Posted in: Lawyers Pro Bono Program, Pro Bono


As we kick off Celebrate Palmetto Pro Bono Month in South Carolina, get to know some of the SC Bar’s partners who deliver critical legal services to those South Carolinians most in need.  

From Low Country Legal Volunteers to Disability Rights South Carolina, learn more about these organizations below and how you can get involved. If a busy schedule makes it hard to volunteer, consider making a monetary donation to help these groups advance justice in the Palmetto State.   

Charleston Pro Bono Legal Services:
The organization serves economically disadvantaged citizens in the Lowcountry by providing free civil legal assistance resources. Regardless of firm size or area of practice, the group can find a way to engage and determine the best method you can support its mission. Charleston Pro Bono Legal Services is always looking for more attorneys to accept pro bono cases from its office and seeks assistance with educational seminars and clinics.  

"I firmly believe that it is a lawyer's duty to give back to her community, and Charleston Pro Bono gives my firm an opportunity to do so," says volunteer Marie-Louise Ramsdale, managing partner of Ramsdale Family Law Firm in Mount Pleasant. If you're interested in lending a hand, contact Executive Director Alissa Lietzow at to get started.  

Root and Rebound:
The organization works to restore resources to families and communities affected by mass incarceration. "Our pro bono work empowers and impacts those lives that need help the most," says Vanessa A. Richardson, managing partner of VAR Law Firm, LLC in Pawleys Island, who volunteer for Root and Rebound. "My partnership with Root & Rebound and the SC Bar Pro Bono Program has reaffirmed that giving back is not about benefiting us, but rather for the benefit of our communities."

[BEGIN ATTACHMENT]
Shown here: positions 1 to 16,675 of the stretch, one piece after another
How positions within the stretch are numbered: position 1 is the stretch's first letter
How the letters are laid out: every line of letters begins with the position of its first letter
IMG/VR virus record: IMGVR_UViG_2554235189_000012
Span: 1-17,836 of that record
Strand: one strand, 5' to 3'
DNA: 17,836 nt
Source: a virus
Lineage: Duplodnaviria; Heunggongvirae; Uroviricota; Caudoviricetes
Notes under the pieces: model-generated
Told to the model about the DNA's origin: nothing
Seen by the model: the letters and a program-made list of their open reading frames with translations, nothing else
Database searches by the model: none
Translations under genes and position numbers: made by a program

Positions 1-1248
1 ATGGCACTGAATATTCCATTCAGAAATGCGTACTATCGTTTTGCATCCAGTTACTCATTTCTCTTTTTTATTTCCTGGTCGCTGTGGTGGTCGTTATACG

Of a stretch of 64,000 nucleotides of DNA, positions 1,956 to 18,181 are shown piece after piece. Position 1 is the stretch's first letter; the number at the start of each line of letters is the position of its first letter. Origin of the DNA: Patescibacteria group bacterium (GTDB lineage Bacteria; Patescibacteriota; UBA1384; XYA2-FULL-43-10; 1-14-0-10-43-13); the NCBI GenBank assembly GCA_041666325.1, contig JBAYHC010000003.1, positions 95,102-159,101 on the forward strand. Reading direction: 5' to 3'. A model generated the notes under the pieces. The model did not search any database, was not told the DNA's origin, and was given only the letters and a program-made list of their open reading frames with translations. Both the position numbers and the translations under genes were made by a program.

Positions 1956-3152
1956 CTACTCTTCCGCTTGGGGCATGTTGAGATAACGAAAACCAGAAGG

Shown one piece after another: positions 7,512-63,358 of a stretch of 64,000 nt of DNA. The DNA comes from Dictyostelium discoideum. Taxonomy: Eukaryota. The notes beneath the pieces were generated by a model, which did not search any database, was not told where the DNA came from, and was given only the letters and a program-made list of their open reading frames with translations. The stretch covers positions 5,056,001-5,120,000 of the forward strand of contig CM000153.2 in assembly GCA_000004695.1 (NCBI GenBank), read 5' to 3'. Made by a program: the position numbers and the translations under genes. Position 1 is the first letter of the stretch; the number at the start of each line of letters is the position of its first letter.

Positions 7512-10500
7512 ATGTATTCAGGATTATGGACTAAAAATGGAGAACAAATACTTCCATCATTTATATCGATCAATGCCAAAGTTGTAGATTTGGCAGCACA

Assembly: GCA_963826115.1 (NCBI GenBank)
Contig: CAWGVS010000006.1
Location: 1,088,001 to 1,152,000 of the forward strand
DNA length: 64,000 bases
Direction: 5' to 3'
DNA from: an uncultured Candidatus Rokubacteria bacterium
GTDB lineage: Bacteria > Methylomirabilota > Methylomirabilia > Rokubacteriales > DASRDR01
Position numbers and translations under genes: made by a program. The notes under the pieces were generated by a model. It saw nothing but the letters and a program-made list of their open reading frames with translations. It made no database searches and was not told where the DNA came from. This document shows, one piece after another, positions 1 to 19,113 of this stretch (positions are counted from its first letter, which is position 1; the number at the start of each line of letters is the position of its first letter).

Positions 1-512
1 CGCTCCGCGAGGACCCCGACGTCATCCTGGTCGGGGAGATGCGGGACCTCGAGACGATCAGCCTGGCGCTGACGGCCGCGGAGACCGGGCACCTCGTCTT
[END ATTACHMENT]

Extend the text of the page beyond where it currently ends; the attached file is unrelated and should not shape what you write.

Root & Rebound looks to compassionate volunteer attorneys like Vanessa to represent clients in legal matters directly related to their system involvement. This includes but is not limited to legal areas such as public benefits, housing, employment, court-ordered debt, divorce, child custody/visitation, parole and probation, and expungements. If you would like to further Root and Rebound's mission, contact Alesia Rico Flores, South Carolina Director of Policy and Systems Change, at or Root & Rebound's South Carolina team at  

Lowcountry Legal Volunteers:
The organization works to ensure families in the Lowcountry have access to legal services regardless of their ability to pay so that the doors of justice are open to all for almost two decades. The group offers numerous ways for attorneys and firms to get involved through volunteer administrative, legal and client support work.  

"Our organization is honored to serve individuals at or below 150% of the federal poverty guidelines," says Anne Caywood, executive director of Lowcountry Legal Volunteers. "Being a part of taking our clients from their lowest point to a place where they can support their families and stand on their own two feet -- is really what it is all about for us." If you're interested in lending a hand, contact Lowcountry Legal Volunteers at (843) 815-1570.   

SC Victims' Assistance Network ( SC Van) :